Backyard Follies: Fire!
Guys, the term "backyard follies" is great ("Letters," CHP Garage, Apr. '09)! You should make a recurring feature out of it. My own experience came when I was installing a new 770 Holley on my 79 Camaro. No big deal, I've done it all before, right? Not really. Got it all bolted down and the linkage connected and went to install the fuel line. Since I hadn't ordered a fuel line yet, I just used the tee connector, the fuel bowl nipples, and the rubber hose Holley includes with the carb. I must have had a major brain cramp, because even though I got all the hose clamps snugged down just fine, I left the fuel bowl nipples only finger-tight. Naturally, when I twisted the key it only took a blink of an eye for fuel to spray out and another blink for a huge yellow flame to erupt from under the hood.
I sprinted into the house and grabbed a pitcher to fill with water, but it took a couple seconds to realize the car would be totally slagged before I got it filled. I ran back out on the porch, looked to my left, and saw my dog's water tub with about 3 gallons of water in it. So I grabbed it and doused the inferno. By this time my wife had realized something was seriously amiss and came out just in time to see me drown my car. God bless her, she didn't say a word. She just looked at my ghost-white face, grinned, and walked back in the house shaking her head.
Believe it or not, there was no damage beyond a set of toasted plug wires! I had all the wiring in convoluted plastic loom, and the loom melted instead of the wire. It was just a matter of peeling off the melted covering and replacing it. I'm glad the car was outside instead of in the garage!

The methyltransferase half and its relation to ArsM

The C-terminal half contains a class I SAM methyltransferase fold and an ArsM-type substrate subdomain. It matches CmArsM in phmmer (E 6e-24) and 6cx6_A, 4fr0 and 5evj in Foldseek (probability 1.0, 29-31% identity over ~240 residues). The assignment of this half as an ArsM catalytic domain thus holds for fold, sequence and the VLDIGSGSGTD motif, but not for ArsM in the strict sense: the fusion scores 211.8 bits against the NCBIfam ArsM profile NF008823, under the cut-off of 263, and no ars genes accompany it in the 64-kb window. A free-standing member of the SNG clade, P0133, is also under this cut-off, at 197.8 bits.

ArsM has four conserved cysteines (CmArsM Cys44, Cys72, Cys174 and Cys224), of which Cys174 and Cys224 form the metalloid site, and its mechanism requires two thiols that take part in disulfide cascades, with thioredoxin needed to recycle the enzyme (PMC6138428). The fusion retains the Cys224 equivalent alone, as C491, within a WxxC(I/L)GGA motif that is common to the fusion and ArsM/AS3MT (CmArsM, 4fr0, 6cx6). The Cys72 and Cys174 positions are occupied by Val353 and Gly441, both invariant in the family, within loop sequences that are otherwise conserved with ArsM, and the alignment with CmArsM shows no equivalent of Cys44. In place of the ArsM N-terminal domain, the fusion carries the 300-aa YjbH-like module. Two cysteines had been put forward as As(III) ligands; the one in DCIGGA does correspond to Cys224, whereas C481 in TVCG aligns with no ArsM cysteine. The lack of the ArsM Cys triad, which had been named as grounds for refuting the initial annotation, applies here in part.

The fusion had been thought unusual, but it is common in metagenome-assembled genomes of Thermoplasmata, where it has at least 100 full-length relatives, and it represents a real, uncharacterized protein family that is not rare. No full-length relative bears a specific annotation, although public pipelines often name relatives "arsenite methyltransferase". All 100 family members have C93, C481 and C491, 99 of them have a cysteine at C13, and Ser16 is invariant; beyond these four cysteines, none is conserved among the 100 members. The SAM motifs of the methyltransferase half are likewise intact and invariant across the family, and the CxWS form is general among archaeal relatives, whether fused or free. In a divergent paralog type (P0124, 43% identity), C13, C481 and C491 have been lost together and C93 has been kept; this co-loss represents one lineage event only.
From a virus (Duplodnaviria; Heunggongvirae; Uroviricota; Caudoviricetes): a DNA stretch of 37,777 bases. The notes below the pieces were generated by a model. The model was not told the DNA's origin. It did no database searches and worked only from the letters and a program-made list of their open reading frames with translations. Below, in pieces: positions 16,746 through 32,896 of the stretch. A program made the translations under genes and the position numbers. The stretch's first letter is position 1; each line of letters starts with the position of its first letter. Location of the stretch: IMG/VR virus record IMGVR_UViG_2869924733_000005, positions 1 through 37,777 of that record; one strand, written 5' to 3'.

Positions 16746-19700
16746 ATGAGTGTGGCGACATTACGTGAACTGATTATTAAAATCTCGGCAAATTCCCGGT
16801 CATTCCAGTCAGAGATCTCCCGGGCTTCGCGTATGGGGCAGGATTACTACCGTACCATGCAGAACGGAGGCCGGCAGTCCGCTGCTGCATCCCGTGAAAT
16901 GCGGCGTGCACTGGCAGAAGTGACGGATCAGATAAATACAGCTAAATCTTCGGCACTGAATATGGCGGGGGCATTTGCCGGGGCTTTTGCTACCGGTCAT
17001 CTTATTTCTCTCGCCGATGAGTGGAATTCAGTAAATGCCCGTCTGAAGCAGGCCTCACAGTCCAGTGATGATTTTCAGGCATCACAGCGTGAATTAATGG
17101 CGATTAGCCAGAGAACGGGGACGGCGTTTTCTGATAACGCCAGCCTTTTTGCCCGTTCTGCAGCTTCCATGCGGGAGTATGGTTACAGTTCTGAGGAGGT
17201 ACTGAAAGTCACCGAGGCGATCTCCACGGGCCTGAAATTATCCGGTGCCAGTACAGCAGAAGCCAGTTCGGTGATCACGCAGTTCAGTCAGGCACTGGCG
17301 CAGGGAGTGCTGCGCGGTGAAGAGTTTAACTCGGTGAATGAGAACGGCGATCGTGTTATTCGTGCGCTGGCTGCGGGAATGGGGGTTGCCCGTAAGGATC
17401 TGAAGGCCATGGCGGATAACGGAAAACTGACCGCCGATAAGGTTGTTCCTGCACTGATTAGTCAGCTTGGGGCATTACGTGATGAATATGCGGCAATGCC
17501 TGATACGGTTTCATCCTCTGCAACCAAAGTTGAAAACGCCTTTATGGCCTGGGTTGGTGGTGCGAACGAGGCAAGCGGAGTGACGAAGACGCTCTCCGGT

By the way, wish Kevin McClelland good luck for me. His tech advice has been invaluable to me, especially his knowledge of '80s engines and electronics. Had it not been for his mentioning Tom Woodside at GMCOPO, my son and I would have had serious difficulty with the 305-to-350 swap we did on his '86 Z28. Transferring the carbureted OE induction setup off the old LG4 presented some unexpected obstacles that Tom guided us thru with ease, and Kevin's development experience with GM was very helpful with cam and head selection. Let us know what he's up to when he gets back down to SoCal.
How is it that we all mange to catch our cars on fire at one point or another? As for Kevin, he's already acclimated to SoCal and now working for K&N. He's still handling our PQA column. As far as I'm concerned, he has a permanent home with us.
I enjoy your magazine and read it cover to cover. I also wait for my new one every month. I like it because of the hands-on information I get. Please don't change a thing. I don't need to read about showcars that cost thousands to build and are never driven (another Chevy magazine) and built by anyone except the owner. I am working on my own hot rod, a '65 two-door Impala, but don't want to bore you with the details. Keep up the great work. I am a subscriber for life.
No worries. We don't plan to change our format by any means. If anything, we're only adding to the program. To give you a little insider info, if all goes according to plan, I'll have a big announcement in next month's Shop Talk
Just want to let you know I love your magazine. Articles are great and I read it from cover to cover every month. I have a '72 Chevelle pro-touring project, and I always love to see articles on Chevelles. I know I am nit picking here, but can you guys do some more layouts on'71-72 Chevelles? I know the '70 Chevelle is the favorite of the fourth-gen group, but I personally think that the "big-eyed" Chevelles are cool too. Hey, if you can't find one, mine will be done soon (probably three more years)!